No, Israel’s Intelligence Establishment Doesn’t Support the Iran Deal

Aug. 27 2015

Over the past month, stories have appeared in the press about retired Israeli security officials expressing support for the Iranian nuclear deal. Now there are claims that an IDF intelligence assessment, not yet released to the public, also defends the agreement. The claims, writes Martin Kramer, are “politicized nonsense”:

Not everyone with a pension and an opinion is equal. Most of the people who argue that Israel should not fight the agreement still think it’s a bad one; they simply believe there is no point in provoking President Obama when the deal will inevitably be approved and implemented. This argument is not the same as supporting the deal—it is resigned acquiescence. . . . .

But what about [the] claim of “game-changing” assessments issued by current intelligence officials? . . . [T]he intelligence assessment is that Iran won’t be able to build a bomb under the terms of the agreement. (That is, if Iran doesn’t cheat—the assessment says the mechanisms for inspection are flawed.) Iran might even show short-term restraint in terms of its support of terrorism to consolidate its gains from sanctions relief. But the estimate also holds that when the agreement expires, Iran will be only weeks away from a nuclear breakout.

In the meantime, Iran will have gained undeserved legitimacy from the deal. . . . The bottom line of the assessment, as reported in the press, is that the risks of the deal outweigh the opportunities. [T]he “eruption of dissent” [from Netanyahu’s position] is imaginary.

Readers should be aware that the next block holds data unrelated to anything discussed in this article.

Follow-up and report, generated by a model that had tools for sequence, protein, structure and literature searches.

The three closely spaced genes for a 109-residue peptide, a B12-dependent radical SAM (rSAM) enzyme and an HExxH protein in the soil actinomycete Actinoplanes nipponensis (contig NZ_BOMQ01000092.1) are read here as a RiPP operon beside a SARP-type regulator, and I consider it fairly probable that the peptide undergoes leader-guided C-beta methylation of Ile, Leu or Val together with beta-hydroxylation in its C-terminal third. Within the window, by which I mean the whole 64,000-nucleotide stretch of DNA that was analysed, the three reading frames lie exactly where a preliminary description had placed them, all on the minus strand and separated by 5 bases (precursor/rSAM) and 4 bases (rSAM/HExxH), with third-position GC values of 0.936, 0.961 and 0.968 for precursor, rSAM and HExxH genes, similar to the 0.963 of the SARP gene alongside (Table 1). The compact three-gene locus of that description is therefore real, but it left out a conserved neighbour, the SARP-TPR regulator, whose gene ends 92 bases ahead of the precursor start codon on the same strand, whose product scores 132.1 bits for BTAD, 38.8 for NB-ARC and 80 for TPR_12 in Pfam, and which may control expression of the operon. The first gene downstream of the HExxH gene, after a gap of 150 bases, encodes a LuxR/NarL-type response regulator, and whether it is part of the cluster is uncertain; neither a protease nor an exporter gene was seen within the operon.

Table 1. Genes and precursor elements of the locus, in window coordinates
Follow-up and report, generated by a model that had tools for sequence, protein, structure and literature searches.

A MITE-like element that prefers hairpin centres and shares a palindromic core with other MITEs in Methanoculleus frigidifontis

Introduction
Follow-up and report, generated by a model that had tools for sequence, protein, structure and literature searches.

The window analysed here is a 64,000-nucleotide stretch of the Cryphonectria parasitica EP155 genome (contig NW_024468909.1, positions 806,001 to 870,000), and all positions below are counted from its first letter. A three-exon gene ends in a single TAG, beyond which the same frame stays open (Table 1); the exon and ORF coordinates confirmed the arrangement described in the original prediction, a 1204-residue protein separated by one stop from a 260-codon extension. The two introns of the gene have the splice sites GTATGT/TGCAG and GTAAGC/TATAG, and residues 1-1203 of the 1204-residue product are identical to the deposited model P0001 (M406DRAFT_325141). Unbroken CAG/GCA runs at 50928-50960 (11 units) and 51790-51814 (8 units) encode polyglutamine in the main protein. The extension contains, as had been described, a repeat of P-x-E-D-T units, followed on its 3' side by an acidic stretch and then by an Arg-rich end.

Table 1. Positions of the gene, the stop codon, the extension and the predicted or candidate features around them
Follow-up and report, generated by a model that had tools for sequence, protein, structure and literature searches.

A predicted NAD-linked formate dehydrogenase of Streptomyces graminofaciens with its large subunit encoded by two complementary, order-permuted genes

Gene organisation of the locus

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More about: Benjamin Netanyahu, Intelligence, Iran nuclear program, Israel & Zionism, Israeli Security, U.S. Foreign policy

The Palestinian Authority Is Part of the Problem, Not the Solution

Jan. 31 2023

On Thursday, Palestinian Authority (PA) officials announced that they had ceased all security cooperation with Israel; the next two days saw two deadly terrorist attacks in Jerusalem. But the PA has in the past made numerous threats that it will sever its ties with the Israeli government, and has so far never made good on them. Efraim Inbar poses a different set of questions: does cooperation with Palestinian leaders who actively encourage—and provide financial incentives for—the murder of Jews really help Israel protect its citizens? And might there be a better alternative?

The PA leader Mahmoud Abbas seems unable to rule effectively, i.e., to maintain a modicum of law and order in the territories under his control. He lost Gaza to Hamas in 2007, and we now see the “Lebanonization” of the PA taking place in the West Bank: the emergence of myriad armed groups, with some displaying only limited loyalty to the PA, and others, especially the Islamists, trying to undermine the current regime.

[The PA’s] education system and media continue propagating tremendous hostility toward Jews while blaming Israel for all Palestinian problems. Security cooperation with Israel primarily concerns apprehending armed activists of the Islamist opposition, as the PA often turns a blind eye to terrorist activities against Israel. In short, Abbas and his coterie are part of the problem, not of the solution. Jerusalem should thus think twice about promoting efforts to preserve PA rule and prevent a descent into chaos while rejecting the reoccupation of the West Bank.

Chaos is indeed not a pleasant prospect. Chaos in the territories poses a security problem to Israel, but one that will be mitigated if the various Palestinian militias vying for influence compete with each other. A succession struggle following the death of Abbas could divert attention from fighting hated Israel and prevent coordination in the low-intensity conflict against it. In addition, anarchy in the territories may give Israel a freer hand in dealing with the terrorists.

Furthermore, chaos might ultimately yield positive results. The collapse of the PA will weaken the Palestinian national movement, which heretofore has been a source of endemic violence and is a recipe for regional instability in the future.

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More about: Israeli Security, Palestinian Authority, Palestinian terror